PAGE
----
About a year ago, I wrote about the media's skittishness to report on the hypocrisy of right-wing anti-gay leaders/politicians who live secret gay lives:
In early May, National Public Radio, a supposed bastion of liberal media bias, found itself in the crosshairs of the lesbian and gay community over an online review of Outrage, a documentary chronicling the hypocrisy of prominent, purportedly closeted politicians with staunchly anti-gay voting records.
What sparked the controversy was not the documentary itself, but the fact that NPR's review failed to name names. In fact, while Nathan Lee, the review's initial author, had included the identities of those fingered in the film, NPR editors took it upon themselves to censor the review prior to publication.
Would a review of a film exposing the hypocrisy of politicians on any other subject fail to identify the politicians in question? Not likely.
Sadly, it looks as though the same deferential treatment given to hypocritical closeted gay politicians by the media is at play with a recently outed anti-gay minister.
The story once again centers on whether or not he should have been outed at all and the way in which he was outed, rather than on his hypocritical anti-gay political agenda or the large number of cases we've seen play out like this with anti-gay leaders.
Check out this piece from Elizabeth Jensen from the New York Times Media Decoder blog:
The reaction was swift when Lavender Magazine, a biweekly for Minneapolis's gay and lesbian community, reported in its current issue that an outspokenly anti-homosexual local pastor attended a support group for people who want to remain chaste despite same-sex attraction.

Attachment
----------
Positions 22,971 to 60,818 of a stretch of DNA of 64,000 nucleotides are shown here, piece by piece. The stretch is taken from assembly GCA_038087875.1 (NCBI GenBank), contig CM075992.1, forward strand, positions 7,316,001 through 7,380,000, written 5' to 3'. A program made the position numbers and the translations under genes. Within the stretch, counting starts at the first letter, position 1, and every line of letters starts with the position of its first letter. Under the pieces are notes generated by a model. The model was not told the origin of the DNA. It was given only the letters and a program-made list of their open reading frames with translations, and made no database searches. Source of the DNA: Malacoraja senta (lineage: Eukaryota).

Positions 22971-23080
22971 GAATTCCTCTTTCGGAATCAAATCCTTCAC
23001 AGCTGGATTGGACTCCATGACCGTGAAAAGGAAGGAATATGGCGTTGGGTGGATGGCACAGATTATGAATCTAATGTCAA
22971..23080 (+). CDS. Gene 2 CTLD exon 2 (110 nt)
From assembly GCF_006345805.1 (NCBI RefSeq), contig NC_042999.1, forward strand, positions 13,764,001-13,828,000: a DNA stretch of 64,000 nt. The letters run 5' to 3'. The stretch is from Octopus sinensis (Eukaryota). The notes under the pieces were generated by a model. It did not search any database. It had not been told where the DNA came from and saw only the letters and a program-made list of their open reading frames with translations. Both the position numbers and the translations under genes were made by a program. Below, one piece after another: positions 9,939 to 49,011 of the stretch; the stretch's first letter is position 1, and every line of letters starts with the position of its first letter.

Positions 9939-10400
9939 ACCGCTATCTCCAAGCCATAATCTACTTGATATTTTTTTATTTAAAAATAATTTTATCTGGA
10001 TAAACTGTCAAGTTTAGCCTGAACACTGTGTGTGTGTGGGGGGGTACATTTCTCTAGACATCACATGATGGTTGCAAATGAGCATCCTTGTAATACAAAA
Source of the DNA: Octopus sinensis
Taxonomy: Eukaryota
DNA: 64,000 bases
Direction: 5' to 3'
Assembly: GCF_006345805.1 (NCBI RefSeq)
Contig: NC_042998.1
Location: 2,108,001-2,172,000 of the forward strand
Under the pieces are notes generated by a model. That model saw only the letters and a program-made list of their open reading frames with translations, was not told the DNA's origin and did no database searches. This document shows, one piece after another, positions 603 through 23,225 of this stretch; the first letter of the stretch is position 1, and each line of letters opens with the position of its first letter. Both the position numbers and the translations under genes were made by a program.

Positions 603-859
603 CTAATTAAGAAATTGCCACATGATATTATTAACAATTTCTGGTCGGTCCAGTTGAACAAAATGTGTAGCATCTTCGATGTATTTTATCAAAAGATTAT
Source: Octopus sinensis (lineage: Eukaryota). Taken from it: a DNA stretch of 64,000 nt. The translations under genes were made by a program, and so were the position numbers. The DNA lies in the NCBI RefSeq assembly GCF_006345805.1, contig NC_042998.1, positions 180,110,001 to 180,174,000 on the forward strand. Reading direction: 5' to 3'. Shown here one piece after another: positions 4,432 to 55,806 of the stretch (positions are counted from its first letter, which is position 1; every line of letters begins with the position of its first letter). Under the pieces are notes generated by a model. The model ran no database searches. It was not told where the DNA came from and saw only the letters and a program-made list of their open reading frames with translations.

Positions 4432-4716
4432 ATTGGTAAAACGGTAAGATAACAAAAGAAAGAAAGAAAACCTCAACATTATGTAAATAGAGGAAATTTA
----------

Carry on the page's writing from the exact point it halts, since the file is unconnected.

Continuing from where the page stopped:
The pastor, Tom Brock, was put on leave from North Minneapolis' Hope Lutheran, pending an investigation. The magazine, meanwhile is embroiled in a journalism ethics debate for sending its reporter undercover into the confidential support group.
Many Lavender Web site commentators applauded the story. But among the critics was an unidentified advertiser who wrote she would pull her ads, because "12 step programs, regardless of what is at issue or who attends, are sacred." National Lesbian & Gay Journalists Association board member Michael R. Triplett blogged that the ethics of the reporting were "suspect."
In a particularly controversial YouTube video, since pulled, Mr. Brock, Hope Lutheran's senior pastor and a cable and radio commentator, suggested that a 2009 Minneapolis tornado was a sign of God's displeasure because it struck as a Lutheran Church body was voting to approve the ordination of practicing homosexuals in committed relationships.
After getting the tip, Mr. Rocheford said that Lavender for seven months "worked on this step by legal step," eventually sending freelance reporter John Townsend undercover. "Reporters do that all the time," he said. "He didn't do anything unethical." He added: "I consulted with our libel attorney and because this man is a public figure it's a legitimate news story."
Mr. Rocheford said the magazine, with about 130,000 readers, has a policy against "outing" homosexuals. "One exception to the rule is a public figure who makes public pronouncements against the gay community and is in fact a homosexual," he said, noting that this is the only time he invoked that exception.
Reporters do stories on hypocrites all the time. Politicians. Business leaders. Community leaders. You name it. It seems the only issue that sparks concern is when the subjects at hand are closeted, anti-gay leaders who are outed.
As for the "12 step" issue here, I have to side with Rocheford:
[Rocheford] said he debated whether to use information from the support group, but decided that "I don't consider it a legitimate 12-step group. Those are there to help people with addictions and since when is homosexuality an addiction?"
The story, he added, "was legitimate, it was legal, and we did it punctiliously with ethical and legal considerations."